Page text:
Thursday, 22 May 2008

Libertarianz '08

Liberty Scott explains clearly, cogently and convincingly why voting Libertarianz in 'o8 is not a wasted vote.

I won't waste time summarising it, since by the time you've printed it out, hung it on your fridge and used it several times in debate with your backsliding friends and acquantainces you'll be able to summarise it perfectly yourself. But I will repeat this important point:
It is time to be bold politically and stand up for beliefs and philosophies, not pander to fears and prejudices. Your vote is a very small influence, so it should be one that says what you believe in - and that should be more than simply "I want rid of Helen Clark."
It's all up to you, isn't it.

Meanwhile, good luck with getting your tax cut this afternoon.


  1. I strongly agree. The first comment on his site summed it up best for me:

    "You should vote for the candidate and party which best represent your values and wishes. The idea that if you don't vote for the winner you have wasted your vote is misconceived."


  2. Last time it was 946 votes. Assuming that the Libz have the minimum number of members required (500, right?), then only 446 "outsiders" voted for the party. I can't be that hard for each member to convince one other person to vote for the party.

    There are obviously more than 1000 voting liberterians in New Zealand. The "wasted vote" thing is a real problem, especially with ACT providing a safe alternative.

  3. Your vote is a very small influence, so it should be one that says what you believe in - and that should be more than simply "I want rid of Helen Clark."It's all up to you, isn't it.

    This is all very wonderful and probably makes you libz feel warm and fuzzy, but the reality is that the influence it will have on policy next term is ABSOLUTELY NOTHING.

    A vote for ACT will be infinitely more valuable even if they only manage to cause a very small reduction in nanny state.

  4. Liberty Scott and PC are missing the most important fact:

    Elections are SUPPOSED to be popularity contests. That's the whole idea. There's nothing unfair about voters choosing the more charismatic candidate-- ie Key.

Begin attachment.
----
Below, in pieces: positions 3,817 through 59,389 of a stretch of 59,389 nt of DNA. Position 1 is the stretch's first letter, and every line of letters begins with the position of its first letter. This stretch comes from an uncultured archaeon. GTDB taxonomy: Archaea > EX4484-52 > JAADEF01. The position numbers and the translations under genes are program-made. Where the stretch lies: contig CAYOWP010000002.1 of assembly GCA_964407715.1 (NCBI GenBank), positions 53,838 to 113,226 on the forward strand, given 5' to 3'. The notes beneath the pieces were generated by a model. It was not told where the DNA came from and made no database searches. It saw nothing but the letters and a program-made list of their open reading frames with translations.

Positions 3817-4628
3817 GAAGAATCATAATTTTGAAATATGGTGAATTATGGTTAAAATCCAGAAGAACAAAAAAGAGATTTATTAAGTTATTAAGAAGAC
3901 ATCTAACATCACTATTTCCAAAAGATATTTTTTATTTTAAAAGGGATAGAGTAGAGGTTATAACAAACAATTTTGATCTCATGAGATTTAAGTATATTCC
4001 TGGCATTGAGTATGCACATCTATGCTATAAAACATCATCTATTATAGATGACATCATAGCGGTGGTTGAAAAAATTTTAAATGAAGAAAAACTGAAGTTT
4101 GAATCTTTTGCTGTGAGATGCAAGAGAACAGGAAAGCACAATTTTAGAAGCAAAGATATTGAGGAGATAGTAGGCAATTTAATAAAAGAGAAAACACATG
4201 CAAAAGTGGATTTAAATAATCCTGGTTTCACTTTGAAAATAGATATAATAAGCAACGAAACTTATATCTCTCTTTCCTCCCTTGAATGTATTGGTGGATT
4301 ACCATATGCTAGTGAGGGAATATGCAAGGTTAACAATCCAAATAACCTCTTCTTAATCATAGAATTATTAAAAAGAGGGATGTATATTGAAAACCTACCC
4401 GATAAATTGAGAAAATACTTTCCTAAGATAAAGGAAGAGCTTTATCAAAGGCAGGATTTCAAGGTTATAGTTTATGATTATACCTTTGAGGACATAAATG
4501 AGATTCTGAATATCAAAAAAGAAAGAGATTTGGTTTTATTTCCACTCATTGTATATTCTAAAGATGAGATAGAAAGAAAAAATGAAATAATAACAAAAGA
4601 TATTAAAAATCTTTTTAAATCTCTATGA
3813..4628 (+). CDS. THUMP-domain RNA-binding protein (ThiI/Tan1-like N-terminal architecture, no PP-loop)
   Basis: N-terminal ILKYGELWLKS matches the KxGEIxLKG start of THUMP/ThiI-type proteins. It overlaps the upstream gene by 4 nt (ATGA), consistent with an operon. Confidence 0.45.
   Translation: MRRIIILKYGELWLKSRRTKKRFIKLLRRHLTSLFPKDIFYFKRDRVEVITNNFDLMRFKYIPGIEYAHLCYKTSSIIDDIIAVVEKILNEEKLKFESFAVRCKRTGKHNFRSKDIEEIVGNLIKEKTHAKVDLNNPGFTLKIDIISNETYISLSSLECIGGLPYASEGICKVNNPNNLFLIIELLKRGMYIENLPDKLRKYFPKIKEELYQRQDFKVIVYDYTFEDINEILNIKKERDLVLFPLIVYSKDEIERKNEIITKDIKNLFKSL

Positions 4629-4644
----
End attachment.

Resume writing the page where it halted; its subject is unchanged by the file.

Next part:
That's how things work in politics.

  5. It could be argued that a vote serves a rational purpose - to elect a party that can form a government - and that a vote cast contrary to this purpose seems somewhat irrational. It could also be argued that the anonymous vote is hardly an expression of political boldness. But I think the best argument is that if 500 Floridians had voted for a libertarian candidate rather than the Republican candidate in 2000, An Inconvenient Truth would be more than a just a bad, disingenuous movie. I don’t remember your 2000 evaluation of Bush being any more favourable than “John Boy”.

  6. Elijah Lineberry23 May 2008, 11:26:00

    It could also be argued, Justin, that voting for what you believe in is better than selling your soul to confidence tricksters of the Murray McCully variety.

    Regarding Florida 2000, had the US Supreme Court allowed the additional recount, it would have shown up all manner of bogus votes from dead people, felons, triple voting and all the other tricks the Democrat party gets up to.

    This would have seen President Bush declared the winner by many thousands, rather than 500, in that State.

  7. The Republicans are hardly lily white on voting irregularities. But 1,000 votes, 2,000 votes, whatever, Elijah. The point is that a relatively small number of votes cast the “wrong” way can make all the difference. Western democracies (MMP window-dressing notwithstanding) are two-party systems. You cast your vote in support of the administration or in opposition to the administration. The only clear, serious advocates for a change of government able to achieve it are National and (maybe) ACT. To vote otherwise, in real terms, indicates support for the administration, or ambivalence for the administration.

    And ambivalence might be an acceptable position. I know many New Zealand libertarians believe that there is no real difference between National and Labour, which is fine. But to suggest that the Libertarianz party will be politically relevant this election borders on delusion. It is simply the wrong vehicle for libertarian activism, lost in the noise of a general election. I would venture that this blog is a much more effective vehicle, enlightening one person at a time. Perhaps the Libertarianz could funnel their money and resources PC’s way.


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